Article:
A London-based housing association has been sanctioned for severe maladministration by the Housing Ombudsman after it failed to provide fire-safe doors in a property more than 18 months after the resident moved in.

Wandle, a 7,000-home landlord, was sanctioned by the ombudsman for what it described as “cumulative failures in addressing fire safety issues in a resident’s flat”.

In a release today, the ombudsman found that the landlord was unable, despite a number of visits, to provide assurances that the doors in the resident’s flat were f ire-rated and whether that meant they needed replacing.

The resident also raised concerns about the general condition of some of the doors, which were not dealt with promptly.

Wande told Inside Housing that it has now “apologised unreservedly to the tenant”.

The resident f irst requested confirmation that all the doors were fire doors upon moving in, following a mutual exchange.

However, after four visits over a nine-month period, the landlord still had not clarified the fire rating of the doors.

Feeling this was a fire safety issue, the resident also voiced concerns about the front door missing a fire strip and not fitting the frame.

The resident, who has recorded vulnerabilities including autism and Asperger’s Syndrome, subsequently raised a stage-one complaint.

In response, the landlord said it would assess the doors but these visits still did not establish whether the doors in the property were fire doors.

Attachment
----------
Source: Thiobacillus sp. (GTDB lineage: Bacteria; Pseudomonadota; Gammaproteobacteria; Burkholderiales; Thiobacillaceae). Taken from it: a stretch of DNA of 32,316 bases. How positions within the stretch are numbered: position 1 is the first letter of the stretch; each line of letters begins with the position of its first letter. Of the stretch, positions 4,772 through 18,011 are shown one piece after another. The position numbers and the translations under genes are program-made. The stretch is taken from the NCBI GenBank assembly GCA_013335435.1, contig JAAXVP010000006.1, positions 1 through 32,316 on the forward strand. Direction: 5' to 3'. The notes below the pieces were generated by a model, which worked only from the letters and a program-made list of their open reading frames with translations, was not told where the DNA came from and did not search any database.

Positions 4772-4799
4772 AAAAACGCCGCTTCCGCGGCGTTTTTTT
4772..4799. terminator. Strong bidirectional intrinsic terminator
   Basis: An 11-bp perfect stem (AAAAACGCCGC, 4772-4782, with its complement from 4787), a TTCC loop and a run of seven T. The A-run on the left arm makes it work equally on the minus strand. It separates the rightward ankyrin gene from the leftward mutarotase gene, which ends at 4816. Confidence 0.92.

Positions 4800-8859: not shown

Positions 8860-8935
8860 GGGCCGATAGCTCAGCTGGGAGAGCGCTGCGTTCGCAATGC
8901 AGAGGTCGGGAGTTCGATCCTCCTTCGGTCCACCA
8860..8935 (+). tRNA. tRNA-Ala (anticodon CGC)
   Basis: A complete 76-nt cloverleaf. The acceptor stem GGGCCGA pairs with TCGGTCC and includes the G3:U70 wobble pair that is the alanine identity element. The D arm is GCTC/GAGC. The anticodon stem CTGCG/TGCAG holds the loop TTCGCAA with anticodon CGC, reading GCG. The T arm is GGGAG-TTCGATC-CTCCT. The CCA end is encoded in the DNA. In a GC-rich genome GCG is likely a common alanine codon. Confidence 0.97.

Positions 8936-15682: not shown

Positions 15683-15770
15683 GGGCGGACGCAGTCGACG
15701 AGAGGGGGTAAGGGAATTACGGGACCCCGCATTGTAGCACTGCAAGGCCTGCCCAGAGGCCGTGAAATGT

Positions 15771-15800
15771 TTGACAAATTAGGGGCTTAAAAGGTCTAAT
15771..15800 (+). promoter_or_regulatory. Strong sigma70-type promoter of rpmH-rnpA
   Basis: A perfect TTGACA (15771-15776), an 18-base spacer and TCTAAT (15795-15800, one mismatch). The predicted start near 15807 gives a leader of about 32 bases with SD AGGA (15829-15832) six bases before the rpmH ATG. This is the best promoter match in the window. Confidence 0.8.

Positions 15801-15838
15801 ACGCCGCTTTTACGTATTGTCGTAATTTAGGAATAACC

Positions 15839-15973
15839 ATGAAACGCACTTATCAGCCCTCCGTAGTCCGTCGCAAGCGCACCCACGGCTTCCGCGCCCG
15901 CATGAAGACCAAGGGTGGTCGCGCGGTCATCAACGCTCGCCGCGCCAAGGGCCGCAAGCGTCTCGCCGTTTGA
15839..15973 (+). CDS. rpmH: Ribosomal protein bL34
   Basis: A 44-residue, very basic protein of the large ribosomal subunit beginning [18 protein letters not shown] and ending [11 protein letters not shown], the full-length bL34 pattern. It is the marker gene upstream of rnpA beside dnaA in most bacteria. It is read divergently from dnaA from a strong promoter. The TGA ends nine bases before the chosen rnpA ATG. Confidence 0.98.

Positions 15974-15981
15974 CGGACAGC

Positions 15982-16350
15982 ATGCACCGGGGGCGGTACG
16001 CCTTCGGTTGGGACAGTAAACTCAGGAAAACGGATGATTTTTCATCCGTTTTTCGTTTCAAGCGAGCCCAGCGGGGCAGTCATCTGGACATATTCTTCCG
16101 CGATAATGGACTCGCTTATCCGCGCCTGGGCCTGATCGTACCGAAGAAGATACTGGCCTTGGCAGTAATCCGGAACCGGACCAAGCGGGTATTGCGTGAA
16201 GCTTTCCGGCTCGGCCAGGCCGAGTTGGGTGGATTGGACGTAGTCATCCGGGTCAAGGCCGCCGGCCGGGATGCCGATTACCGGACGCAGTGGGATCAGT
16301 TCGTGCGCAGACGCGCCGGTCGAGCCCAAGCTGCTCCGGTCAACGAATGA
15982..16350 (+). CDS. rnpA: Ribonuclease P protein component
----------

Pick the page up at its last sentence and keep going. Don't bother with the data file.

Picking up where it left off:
The resident also wanted to know whether the landlord had responsibility for f ixing the other faulty doors she had previously raised concerns about.

The landlord escalated the complaint to stage two, and arranged for a survey which found that the front door required a new fire door, that a new fire door was needed for the lounge and that other door defects needed repairing.

At the end of this process, 18 months after the resident had first moved in, the landlord had still not replaced the front door.

The ombudsman found that while the landlord rectified the matter by arranging a door survey, there was a delay in addressing the fire safety issue raised by the resident.

In addition, the landlord initially treated the issue as a responsive repair, rather than a fire safety issue, and the ombudsman described the inspection at mutual exchange “unsatisfactory as the missing kitchen door should have been picked up”.

It was these cumulative failures that meant fire safety issues in the resident’s home went unaddressed for a significant period and caused her worry and frustration.

Following the investigation, the landlord has agreed to review both its mutual exchange policy and its complaint-handling process, as well as making it easier for staff to identify when a resident has a vulnerability.

Tracey Lees, chief executive at Wandle, said: “We respect the ombudsman’s f indings, which are published in today’s report. We have apologised unreservedly to the tenant affected by this case, and are fully complying with our obligations in line with the determination and recommendation.

“Extra measures and procedures have been amended to ensure that this does not happen again, and we are committed to learning from feedback to continually improve our services for residents.”

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